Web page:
CINCINNATI – The Queen City is the latest community to take on a legal battle against prescription drug distributors that leaders here say helped fuel the opioid epidemic.Cincinnati on Tuesday filed a lawsuit against the three largest wholesale distributors of opioids demanding the firms reimburse the city for the costs of curbing the epidemic – including treatment for those addicted and caring for the children of addicted parents.The lawsuit alleges the firms broke laws and rules established...
BATAVIA - As the opioid epidemic evolves in startling and deadlier ways, countless people have begun asking what – if anything – they can do to help.Among them is Kayleen Schreiber, a newcomer to Southwest Ohio who just finished her PhD in neuroscience at the University of Iowa.Schreiber is among dozens of readers who reached out to WCPO after reading the special report: Overdosed and Overrun: A state of Crisis in Ohio.
This week on Hear Cincinnati, host Maxim Alter, digital editor Meghan Wesley, digital reporter Lucy May and 9 On Your Side anchor Chris Riva talk about the Ohio State Fair ride malfunction, toys for homeless children, the founder of Party Source's way of sharing his wealth, tainted alcohol at five-star resorts, Bruce Willis returning to Cincinnati and more.
Muck Rack makes it simple to find people, tweets, or articles that mention any name, keyword, company, hashtag etc. We've compiled this guide to help you make the most of your search.
Selecting a term
Start searching tweets, articles from media outlets, articles mentioned in tweets, journalists'
names, titles and bios with some suggested searches:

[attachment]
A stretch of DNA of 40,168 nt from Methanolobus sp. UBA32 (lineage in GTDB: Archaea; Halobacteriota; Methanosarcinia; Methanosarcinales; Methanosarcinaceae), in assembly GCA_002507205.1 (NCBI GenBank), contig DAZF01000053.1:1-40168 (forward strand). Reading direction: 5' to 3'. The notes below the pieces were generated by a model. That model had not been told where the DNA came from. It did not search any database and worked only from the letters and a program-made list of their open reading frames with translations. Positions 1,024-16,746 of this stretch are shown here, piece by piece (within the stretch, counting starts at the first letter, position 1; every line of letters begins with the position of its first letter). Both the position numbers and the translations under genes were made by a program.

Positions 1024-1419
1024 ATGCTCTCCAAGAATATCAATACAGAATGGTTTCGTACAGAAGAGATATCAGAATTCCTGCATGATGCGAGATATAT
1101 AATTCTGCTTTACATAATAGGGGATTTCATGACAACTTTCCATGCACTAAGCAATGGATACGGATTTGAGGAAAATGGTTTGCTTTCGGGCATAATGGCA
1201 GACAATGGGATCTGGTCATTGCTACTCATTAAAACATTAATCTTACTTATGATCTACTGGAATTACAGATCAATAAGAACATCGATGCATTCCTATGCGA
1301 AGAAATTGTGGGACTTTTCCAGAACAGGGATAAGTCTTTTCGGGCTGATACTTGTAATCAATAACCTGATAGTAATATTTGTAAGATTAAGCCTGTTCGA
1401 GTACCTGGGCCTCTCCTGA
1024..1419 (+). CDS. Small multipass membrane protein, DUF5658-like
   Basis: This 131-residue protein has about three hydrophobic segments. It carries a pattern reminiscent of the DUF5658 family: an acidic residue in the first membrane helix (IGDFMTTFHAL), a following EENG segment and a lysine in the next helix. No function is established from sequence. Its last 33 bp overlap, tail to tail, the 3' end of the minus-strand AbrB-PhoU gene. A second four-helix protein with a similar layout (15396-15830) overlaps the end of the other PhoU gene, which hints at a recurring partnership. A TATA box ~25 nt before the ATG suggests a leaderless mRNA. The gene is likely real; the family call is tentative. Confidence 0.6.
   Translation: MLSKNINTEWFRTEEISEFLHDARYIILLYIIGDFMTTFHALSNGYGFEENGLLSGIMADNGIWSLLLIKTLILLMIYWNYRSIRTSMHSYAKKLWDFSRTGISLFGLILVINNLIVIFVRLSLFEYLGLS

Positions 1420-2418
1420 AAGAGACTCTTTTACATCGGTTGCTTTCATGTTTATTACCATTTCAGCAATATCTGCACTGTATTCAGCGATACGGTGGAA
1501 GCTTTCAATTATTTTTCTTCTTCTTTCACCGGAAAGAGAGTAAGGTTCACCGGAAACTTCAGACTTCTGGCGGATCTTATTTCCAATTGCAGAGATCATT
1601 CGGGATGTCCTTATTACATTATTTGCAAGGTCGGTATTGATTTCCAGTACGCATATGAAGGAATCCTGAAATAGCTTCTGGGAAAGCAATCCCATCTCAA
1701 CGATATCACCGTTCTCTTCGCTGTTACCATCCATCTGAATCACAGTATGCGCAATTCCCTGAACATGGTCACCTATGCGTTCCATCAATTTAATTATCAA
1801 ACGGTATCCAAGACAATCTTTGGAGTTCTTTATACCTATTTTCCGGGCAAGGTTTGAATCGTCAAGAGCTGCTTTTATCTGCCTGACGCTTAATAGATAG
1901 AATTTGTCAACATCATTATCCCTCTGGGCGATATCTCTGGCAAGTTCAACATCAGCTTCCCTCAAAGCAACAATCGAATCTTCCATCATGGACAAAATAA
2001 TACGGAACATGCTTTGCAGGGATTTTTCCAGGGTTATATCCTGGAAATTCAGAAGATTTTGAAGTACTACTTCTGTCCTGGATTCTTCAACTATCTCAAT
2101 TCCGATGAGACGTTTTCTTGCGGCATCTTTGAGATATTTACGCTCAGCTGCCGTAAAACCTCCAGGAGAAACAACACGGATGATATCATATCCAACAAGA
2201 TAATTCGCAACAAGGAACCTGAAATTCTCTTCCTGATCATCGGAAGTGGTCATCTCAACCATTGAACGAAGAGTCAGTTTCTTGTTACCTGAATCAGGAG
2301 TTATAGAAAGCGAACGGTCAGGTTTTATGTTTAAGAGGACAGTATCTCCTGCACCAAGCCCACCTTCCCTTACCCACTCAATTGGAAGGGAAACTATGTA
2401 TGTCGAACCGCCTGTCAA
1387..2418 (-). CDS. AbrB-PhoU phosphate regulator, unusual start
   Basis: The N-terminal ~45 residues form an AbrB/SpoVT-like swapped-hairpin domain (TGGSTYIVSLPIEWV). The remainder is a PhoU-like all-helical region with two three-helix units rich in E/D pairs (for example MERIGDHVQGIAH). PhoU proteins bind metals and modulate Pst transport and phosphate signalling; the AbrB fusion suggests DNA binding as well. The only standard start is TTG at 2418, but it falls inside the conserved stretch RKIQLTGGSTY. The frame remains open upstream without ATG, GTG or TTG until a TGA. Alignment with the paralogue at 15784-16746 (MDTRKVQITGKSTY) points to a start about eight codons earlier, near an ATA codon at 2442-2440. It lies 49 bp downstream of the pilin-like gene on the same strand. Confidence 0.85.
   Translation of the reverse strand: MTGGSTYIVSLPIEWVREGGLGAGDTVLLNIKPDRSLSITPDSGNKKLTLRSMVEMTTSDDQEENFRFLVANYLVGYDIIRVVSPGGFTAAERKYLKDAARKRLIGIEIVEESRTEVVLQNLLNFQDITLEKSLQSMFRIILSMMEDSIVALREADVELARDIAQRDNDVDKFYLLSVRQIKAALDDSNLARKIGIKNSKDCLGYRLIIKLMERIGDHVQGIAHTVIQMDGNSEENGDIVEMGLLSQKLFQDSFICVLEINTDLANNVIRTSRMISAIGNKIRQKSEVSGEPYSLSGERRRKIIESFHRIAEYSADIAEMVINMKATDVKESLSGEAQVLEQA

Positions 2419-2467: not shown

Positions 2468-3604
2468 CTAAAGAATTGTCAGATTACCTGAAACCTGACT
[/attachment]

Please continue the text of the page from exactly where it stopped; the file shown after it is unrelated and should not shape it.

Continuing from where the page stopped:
Companies or Topics (e.g. iPhone, Microsoft)
Phrases (e.g. "cloud computing") — use quotes to keep the terms together
Twitter handles (e.g. @username) — returns those who have mentioned or replied to
Names (e.g. "David Pogue")
Hashtags (e.g. #sxsw, #london2012)
Bio details (e.g. vegan, Olympics, father)
Muck Rack's Advanced Search allows for many boolean operators.
Find results that mention multiple specified terms, use AND or
+. For example, ensure each result contains both Elon Musk and Mark Zuckerberg by
searching Obama AND Romney or Obama + Romney.
Use the operators OR or , to broaden your search when you'd like either of
multiple terms to appear in results. (This is the default behavior of our search when no operators
are used.) For example, search for democrat OR republican to find results that refer to
Democrats and/or Republicans.
Use NOT or - to subtract results from your search. For
example, searching Disney will yield results about the Walt Disney Company as well as Walt Disney
World Resort. To exclude mentions of Disney World, search for Disney -World or Disney
When using one of these operators with a phrase, enclose it in quotation marks. For example, you can
find results about smartphones excluding Apple's iPhone 4S by searching smartphone -"iPhone
Exact case matching or punctuation
If you're searching for a brand name or keyword that relies on specific punctuation marks or capitalization, you can
find results that match your exact query by adding matchcase: before the keyword you're searching for, like matchcase:E*TRADE .
Use parentheses to separate multiple
boolean phrases. For example, to find journalists talking about having fun in Disney World or
Disneyland, search for ("disney world" OR disneyland) AND fun.
An asterisk can be used to search for any variation of a root word truncated by the asterisk. For example, searching for admin* will return results for administrator, administration, administer, administered, etc.
A near operator is an AND operator where you can control the distance between the words. You can vary the distance the near operation uses by adding a forward slash and number (between 0-99) such as strawberries NEAR/10 "whipped cream", which means the strawberries must exist within 10 words of "whipped cream".